wherein the controller is capable of sensing a failure in the AC power source and automatically causes the switch to switch to the DC position upon sensing a failure in the AC power source.
10. A refrigerator for connection to an AC power source comprising:
a refrigerator cabinet having a rear wall, a front wall, opposite side walls, a top wall, and a bottom wall;
the refrigerator cabinet enclosing one or more refrigeration compartments and a mechanical compartment;
the mechanical compartment containing a battery pack, an inverter/charger, and a refrigeration system;
one or more cooling systems for cooling the one or more refrigeration compartments;
the refrigeration system being connected to the one or more cooling systems for causing the cooling systems to cool the one or more refrigeration compartments;
the inverter/charger having an inverter connected to the refrigeration system for converting DC electrical current to AC electrical current, and having a charger connected to the battery pack for receiving AC electrical current and charging the battery pack;
a switch movable from a DC position connecting the battery pack to the inverter/charger and the refrigeration system for operating the refrigeration system, to an AC position connecting the AC power source to the charger for charging the battery pack and to the refrigeration system for operating the refrigeration system;
a controller connected to the switch for causing the switch to move to the DC position during a first predetermined time and for causing the switch to move to the AC position during a second predetermined time;
a manual override switch between the controller and the refrigeration system, the manual override switch having a first position connecting the battery pack and the inverter/charger to the refrigeration system and a second position connecting the AC power source to the refrigeration system and to the inverter/charger.
11. A refrigerator for connection to an AC power source comprising:
a refrigerator cabinet having a rear wall, a front wall, opposite side walls, a top wall, and a bottom wall;
the refrigerator cabinet enclosing one or more refrigeration compartments and a mechanical compartment;
the mechanical compartment containing a battery pack, an inverter/charger, and a refrigeration system;
one or more cooling systems for cooling the one or more refrigeration compartments;
the refrigeration system being connected to the one or more cooling systems for causing the cooling systems to cool the one or more refrigeration compartments;
the inverter/charger having an inverter connected to the refrigeration system for converting DC electrical current to AC electrical current, and having a charger connected to the battery pack for receiving AC electrical current and charging the battery pack;
a switch movable from a DC position connecting the battery pack to the inverter/charger and the refrigeration system for operating the refrigeration system, to an AC position connecting the AC power source to the charger for charging the battery pack and to the refrigeration system for operating the refrigeration system;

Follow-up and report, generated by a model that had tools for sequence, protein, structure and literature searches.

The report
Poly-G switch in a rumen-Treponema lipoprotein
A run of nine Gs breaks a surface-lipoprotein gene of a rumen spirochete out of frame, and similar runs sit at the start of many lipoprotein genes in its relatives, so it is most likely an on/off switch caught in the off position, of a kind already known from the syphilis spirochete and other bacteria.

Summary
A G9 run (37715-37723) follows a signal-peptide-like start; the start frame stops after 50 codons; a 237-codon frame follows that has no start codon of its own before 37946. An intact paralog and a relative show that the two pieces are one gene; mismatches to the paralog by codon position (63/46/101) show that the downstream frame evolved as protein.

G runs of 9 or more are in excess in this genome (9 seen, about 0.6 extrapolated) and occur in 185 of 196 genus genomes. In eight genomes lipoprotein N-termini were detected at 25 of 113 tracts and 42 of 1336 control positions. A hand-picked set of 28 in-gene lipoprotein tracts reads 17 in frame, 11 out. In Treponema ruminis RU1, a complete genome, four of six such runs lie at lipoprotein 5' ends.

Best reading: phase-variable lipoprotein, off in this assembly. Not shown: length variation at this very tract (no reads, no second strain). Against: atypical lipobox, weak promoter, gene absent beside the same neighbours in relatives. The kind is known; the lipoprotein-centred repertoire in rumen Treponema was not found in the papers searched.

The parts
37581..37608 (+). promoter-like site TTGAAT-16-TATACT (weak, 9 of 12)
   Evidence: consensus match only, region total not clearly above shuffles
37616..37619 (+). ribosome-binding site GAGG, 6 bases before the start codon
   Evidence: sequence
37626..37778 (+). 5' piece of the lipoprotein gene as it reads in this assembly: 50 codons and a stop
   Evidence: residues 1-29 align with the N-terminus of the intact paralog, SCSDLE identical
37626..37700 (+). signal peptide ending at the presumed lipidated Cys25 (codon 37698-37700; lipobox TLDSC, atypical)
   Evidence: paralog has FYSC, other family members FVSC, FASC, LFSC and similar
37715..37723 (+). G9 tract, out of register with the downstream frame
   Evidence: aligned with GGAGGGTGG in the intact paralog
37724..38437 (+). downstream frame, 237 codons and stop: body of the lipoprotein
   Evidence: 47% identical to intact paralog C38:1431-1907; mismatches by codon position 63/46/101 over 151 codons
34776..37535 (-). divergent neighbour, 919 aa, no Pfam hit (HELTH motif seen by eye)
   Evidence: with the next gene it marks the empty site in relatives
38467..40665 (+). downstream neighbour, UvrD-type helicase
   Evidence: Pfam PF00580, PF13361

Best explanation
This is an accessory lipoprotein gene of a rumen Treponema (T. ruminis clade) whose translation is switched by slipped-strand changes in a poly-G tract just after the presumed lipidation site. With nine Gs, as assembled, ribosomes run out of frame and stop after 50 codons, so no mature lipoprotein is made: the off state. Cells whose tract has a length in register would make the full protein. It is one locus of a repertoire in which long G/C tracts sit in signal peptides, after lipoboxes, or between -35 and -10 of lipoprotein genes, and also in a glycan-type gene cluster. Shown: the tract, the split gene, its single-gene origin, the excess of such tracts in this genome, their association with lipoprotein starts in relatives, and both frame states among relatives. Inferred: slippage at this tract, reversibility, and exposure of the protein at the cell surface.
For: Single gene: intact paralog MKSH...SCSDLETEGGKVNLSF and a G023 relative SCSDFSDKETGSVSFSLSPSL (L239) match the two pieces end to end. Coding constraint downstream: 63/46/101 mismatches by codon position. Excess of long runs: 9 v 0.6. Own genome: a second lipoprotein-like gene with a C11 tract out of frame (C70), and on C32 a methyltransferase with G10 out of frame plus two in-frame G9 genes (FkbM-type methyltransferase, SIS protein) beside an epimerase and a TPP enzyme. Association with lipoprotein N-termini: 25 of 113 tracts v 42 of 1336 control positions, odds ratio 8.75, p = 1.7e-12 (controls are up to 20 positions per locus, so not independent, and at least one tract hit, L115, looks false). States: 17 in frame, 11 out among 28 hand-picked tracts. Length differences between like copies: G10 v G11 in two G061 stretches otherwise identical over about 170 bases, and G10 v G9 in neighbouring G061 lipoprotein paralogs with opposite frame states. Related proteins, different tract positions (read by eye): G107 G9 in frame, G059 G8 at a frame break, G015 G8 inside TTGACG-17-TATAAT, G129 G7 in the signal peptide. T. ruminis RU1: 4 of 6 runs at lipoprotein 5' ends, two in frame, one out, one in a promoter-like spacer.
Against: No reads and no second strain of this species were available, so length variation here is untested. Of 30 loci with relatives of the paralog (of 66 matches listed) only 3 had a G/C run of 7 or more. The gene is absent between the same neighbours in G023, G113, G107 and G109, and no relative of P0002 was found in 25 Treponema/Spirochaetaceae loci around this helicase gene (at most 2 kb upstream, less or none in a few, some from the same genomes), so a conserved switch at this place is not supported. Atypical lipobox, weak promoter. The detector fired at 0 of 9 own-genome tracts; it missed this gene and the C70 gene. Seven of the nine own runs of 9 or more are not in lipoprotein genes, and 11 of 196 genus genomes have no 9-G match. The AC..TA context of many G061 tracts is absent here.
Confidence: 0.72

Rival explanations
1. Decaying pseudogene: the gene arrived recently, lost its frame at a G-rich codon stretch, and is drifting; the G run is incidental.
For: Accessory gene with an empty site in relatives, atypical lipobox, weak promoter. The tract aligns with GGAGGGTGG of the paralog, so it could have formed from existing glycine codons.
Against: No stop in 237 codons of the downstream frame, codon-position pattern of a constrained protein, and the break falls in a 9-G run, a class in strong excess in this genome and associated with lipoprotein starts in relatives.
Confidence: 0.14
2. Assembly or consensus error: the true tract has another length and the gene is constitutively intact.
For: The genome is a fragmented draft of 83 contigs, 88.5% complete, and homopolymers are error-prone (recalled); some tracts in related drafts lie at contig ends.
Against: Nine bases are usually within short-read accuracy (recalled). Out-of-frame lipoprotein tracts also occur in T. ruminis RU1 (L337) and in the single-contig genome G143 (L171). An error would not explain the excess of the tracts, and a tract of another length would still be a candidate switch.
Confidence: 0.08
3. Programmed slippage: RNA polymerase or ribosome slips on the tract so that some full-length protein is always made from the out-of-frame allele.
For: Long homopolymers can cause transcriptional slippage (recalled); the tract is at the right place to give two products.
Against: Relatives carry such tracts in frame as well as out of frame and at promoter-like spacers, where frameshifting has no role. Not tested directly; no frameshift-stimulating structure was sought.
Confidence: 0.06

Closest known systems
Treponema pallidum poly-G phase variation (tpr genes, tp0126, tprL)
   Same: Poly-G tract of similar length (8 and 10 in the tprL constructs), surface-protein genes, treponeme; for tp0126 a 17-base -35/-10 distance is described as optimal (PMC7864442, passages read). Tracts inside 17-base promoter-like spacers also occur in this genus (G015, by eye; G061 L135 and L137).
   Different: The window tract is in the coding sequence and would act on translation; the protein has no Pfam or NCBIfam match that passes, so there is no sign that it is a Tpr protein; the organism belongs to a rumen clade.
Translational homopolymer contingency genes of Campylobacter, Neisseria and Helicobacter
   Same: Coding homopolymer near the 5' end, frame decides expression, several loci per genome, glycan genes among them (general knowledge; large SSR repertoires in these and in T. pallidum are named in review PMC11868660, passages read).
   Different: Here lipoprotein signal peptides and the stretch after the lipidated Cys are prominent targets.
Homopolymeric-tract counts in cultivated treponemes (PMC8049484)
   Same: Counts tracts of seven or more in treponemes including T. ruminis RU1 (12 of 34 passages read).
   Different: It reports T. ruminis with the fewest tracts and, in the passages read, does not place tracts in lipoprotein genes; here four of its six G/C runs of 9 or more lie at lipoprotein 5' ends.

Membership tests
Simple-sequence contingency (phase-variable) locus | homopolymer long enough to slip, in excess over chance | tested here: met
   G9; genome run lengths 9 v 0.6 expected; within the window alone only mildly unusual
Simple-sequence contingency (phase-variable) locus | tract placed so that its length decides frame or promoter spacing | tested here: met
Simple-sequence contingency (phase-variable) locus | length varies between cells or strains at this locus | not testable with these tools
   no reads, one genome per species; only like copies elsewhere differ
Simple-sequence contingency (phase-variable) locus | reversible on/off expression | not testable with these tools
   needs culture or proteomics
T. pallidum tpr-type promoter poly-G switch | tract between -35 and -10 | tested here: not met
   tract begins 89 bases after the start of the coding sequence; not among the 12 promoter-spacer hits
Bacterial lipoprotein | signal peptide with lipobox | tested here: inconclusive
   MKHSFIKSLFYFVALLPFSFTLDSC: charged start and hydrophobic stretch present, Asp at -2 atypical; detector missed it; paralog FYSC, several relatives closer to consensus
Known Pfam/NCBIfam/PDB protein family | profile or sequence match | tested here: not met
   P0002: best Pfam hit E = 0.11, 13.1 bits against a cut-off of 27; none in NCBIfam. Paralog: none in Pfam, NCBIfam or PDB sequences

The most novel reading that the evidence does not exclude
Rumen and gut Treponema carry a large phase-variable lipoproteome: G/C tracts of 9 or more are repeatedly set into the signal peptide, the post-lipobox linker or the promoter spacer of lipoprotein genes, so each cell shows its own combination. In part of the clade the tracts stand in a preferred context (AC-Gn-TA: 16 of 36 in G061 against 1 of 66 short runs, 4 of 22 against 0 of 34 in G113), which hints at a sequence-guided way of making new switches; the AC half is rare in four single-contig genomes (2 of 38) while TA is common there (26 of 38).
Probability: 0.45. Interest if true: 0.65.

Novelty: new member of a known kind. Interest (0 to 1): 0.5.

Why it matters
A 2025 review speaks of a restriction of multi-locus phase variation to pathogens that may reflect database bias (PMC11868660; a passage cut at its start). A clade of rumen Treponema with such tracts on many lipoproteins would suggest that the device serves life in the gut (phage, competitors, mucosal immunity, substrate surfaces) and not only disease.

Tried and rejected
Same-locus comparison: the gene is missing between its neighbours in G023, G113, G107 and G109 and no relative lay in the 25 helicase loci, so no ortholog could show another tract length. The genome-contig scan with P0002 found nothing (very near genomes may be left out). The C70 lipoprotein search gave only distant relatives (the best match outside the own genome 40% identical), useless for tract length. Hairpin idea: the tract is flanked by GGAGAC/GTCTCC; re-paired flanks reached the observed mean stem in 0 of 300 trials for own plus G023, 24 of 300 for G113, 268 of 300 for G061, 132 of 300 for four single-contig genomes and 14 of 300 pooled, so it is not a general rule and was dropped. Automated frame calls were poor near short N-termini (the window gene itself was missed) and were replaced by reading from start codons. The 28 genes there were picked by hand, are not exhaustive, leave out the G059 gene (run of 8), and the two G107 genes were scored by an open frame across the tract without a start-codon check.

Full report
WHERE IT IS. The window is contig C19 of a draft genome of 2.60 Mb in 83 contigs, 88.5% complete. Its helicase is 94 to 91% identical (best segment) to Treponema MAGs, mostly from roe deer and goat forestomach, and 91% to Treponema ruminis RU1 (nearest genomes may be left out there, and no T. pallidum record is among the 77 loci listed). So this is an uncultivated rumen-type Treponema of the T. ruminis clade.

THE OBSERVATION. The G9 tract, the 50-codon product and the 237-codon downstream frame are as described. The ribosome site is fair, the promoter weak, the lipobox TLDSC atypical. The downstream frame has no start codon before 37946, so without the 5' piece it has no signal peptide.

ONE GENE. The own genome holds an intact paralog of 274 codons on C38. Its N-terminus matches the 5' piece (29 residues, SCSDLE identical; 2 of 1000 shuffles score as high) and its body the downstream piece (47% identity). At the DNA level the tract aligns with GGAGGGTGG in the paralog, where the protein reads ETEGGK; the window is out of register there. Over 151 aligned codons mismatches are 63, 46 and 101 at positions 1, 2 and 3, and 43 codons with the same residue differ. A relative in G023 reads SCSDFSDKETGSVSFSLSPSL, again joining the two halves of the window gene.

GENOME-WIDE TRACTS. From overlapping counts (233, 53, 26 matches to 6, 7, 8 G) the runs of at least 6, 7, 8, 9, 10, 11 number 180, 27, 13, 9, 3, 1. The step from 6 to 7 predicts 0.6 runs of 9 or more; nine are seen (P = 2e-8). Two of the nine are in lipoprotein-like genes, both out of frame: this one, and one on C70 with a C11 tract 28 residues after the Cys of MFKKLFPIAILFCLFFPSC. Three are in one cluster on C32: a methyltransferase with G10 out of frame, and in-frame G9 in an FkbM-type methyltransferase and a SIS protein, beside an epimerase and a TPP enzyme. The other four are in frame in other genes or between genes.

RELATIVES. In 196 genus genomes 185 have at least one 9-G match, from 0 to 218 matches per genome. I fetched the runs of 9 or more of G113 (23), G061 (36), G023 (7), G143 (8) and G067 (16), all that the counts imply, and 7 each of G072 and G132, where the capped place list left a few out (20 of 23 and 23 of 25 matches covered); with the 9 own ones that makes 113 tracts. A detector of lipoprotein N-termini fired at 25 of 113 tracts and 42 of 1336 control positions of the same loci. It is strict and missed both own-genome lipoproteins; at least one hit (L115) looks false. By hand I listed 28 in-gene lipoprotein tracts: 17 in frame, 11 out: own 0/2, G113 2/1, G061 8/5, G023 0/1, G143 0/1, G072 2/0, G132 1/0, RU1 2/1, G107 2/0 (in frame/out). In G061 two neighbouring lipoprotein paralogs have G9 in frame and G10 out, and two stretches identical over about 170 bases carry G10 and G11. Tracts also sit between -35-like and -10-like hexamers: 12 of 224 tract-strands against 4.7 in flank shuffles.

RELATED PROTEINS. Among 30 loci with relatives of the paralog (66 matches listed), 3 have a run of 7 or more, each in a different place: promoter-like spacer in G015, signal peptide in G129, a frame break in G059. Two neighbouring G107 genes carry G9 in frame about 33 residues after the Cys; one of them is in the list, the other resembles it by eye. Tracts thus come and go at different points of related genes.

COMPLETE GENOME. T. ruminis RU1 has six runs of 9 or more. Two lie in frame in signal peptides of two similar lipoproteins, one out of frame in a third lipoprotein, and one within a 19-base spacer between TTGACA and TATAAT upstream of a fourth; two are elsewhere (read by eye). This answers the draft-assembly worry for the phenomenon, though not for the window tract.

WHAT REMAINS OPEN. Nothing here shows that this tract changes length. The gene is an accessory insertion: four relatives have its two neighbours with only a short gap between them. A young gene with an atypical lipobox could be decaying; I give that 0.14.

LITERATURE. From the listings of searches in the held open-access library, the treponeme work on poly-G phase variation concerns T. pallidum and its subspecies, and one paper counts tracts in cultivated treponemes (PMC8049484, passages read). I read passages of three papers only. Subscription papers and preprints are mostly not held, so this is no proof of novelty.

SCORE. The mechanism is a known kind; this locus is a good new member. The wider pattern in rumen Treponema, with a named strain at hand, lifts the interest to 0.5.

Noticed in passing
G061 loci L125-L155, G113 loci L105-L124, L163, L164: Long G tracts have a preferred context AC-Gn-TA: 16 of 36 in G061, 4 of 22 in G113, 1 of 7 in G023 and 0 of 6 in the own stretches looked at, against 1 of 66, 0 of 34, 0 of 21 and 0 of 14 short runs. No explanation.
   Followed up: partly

wherein an air channel directs cooled air from the cooling system into the mechanical compartment for cooling the battery pack, inverter/charger, and refrigeration system.
12. A refrigerator adapted to be connected to an AC power source, the power source having a peak demand time wherein a first amount of power is required from the power source and a reduced demand time wherein a second amount of power, less than the first amount of power, is required from the power source, the refrigerator comprising:
a refrigerator cabinet enclosing one or more refrigeration compartments;
one or more cooling systems for cooling the one or more refrigeration compartments;
a battery pack, an inverter/charger, and a refrigeration system;
the refrigeration system being connected to the one or more cooling systems for causing the cooling systems to cool the one or more refrigeration compartments;
an inverter for converting DC electrical current to AC electrical current, the inverter being electrically connected to both the battery pack and the refrigeration system;
a charger connected to the battery pack for receiving AC electrical current and charging the battery pack;
a switch movable from a DC position connecting the battery pack to the inverter and the refrigeration system for operating the refrigeration system, to an AC position connecting the AC power source to the charger for charging the battery pack and to the refrigeration system for operating the refrigeration system;
a controller connected to the switch for causing the switch to move to the DC position during a first predetermined time and for causing the switch to move to the AC position during a second predetermined time;
the controller causing the first predetermined time to fall within the peak demand time and the second predetermined time to fall within the reduced demand time.
13. The refrigerator according to claim 12 wherein the inverter and the charger are a single unit having an inverter mode for causing the inverter to drive the refrigeration system and having a charging mode for causing the charger to charge the battery pack.
14. The refrigerator according to claim 12 wherein the controller is connected to the power source and is capable of causing the switch to switch to the DC position automatically whenever the AC power source fails.